Student learning and opportunity should be at the center of BOG deliberations about the future of classrooms

As Florida’s Board of Governors considers the future of classrooms in the State University System, members can focus on either saving money or on improving student learning in fields that provide economic opportunity.

Of course, I hope they choose to focus on opportunity.

But I should be forgiven if I’m a little pessimistic on that score.  The presentation that BOG Assistant Vice Chancellor for Finance and Facilities Chris Kinsley gave to the Board’s Facilities Committee on the “Impact of Online Education on Space Needs” argued that the need for new space in the SUS has been reduced by $1-2 billion by the system’s push for online education but said nothing about improving student learning in high-demand fields like engineering, math, and physics – and the facilities needed to do so.

If Kinsley and his BOG colleagues asked about improving student learning, they might get some answers that surprise them.  An MIT study demonstrated that introductory physics students enrolled in a MOOC with recorded lectures made somewhat greater learning gains than students in a traditional lecture course.  However, student learning gains in both of these formats fell far behind those achieved in interactive engagement courses like the SCALE-UP format that FSU’s studio physics program (and, ahem, MIT’s Physics Department) has adopted.

So what conclusion should the Board reach?  Fewer lecture halls and more interactive engagement classrooms would be logical.  For those courses where instructors insist on the lecture format, lectures could be recorded and the need for new lecture halls mitigated.  Improved student learning would probably result.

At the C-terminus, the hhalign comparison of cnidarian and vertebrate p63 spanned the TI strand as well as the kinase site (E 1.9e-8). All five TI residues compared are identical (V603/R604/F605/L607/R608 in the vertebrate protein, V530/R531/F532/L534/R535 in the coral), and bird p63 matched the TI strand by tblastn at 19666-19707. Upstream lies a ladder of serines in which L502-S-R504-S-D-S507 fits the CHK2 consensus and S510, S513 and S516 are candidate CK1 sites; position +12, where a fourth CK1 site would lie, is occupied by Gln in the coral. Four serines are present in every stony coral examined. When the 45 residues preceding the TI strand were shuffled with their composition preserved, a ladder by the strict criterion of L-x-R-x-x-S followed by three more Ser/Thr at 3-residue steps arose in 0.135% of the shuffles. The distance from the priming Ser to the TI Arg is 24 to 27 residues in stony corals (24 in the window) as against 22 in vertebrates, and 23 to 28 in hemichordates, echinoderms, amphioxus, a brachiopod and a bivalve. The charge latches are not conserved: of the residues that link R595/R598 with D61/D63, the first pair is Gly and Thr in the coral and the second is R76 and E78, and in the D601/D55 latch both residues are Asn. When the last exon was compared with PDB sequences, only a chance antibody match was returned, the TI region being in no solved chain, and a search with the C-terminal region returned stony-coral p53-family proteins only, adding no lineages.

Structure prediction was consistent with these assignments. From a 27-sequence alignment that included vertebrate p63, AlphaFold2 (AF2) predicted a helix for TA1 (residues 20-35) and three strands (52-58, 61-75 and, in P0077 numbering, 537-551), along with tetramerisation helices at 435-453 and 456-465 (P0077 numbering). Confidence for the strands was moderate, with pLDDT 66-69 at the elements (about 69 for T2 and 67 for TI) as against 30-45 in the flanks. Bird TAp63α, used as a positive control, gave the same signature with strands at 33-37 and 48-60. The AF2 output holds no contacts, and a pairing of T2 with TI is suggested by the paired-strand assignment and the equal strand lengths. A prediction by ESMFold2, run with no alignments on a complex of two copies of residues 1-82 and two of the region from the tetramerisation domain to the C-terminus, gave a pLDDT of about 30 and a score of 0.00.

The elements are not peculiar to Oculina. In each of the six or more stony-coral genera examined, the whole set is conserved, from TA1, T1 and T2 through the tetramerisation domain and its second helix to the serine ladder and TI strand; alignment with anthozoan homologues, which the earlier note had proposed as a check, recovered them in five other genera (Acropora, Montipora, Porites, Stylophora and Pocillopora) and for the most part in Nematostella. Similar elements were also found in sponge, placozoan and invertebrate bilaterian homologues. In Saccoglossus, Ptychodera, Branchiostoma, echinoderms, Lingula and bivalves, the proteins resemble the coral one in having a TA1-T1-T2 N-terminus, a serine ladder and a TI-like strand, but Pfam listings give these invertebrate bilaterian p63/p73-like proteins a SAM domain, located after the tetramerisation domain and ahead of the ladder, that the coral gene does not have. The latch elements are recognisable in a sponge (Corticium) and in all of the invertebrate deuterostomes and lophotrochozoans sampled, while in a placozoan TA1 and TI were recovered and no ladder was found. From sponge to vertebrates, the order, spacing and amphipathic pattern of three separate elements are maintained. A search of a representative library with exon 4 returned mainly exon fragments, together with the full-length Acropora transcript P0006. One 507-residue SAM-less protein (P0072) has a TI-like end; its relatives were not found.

But it would also be fair for Kinsley and his colleagues to ask whether the dramatically higher student learning gains achieved in a physical interactive engagement classroom could be reproduced in an online environment.  The first answer is that it hasn’t been done yet.  The dramatic improvements in learning gains in an interactive engagement environment are driven by intensive social interactions – among students and between students and instructors.  Nobody has yet come up with a way to reproduce that social bandwidth fully online.  If they had, perhaps Florida’s Legislature would meet via Skype instead of wasting all that money on physically coming to Tallahassee every spring.

However, there are people thinking about how to do it, and perhaps those techniques will become available in the next decade.

But for now, if the highest priority is to give students from diverse backgrounds access to the nation’s most lucrative career paths like engineering, physics and math, we’ll have to find the resources to construct the physical interactive engagement classrooms we need.  That might not make Kinsley and his colleagues at the Board of Governors happy.  But it’s the truth.

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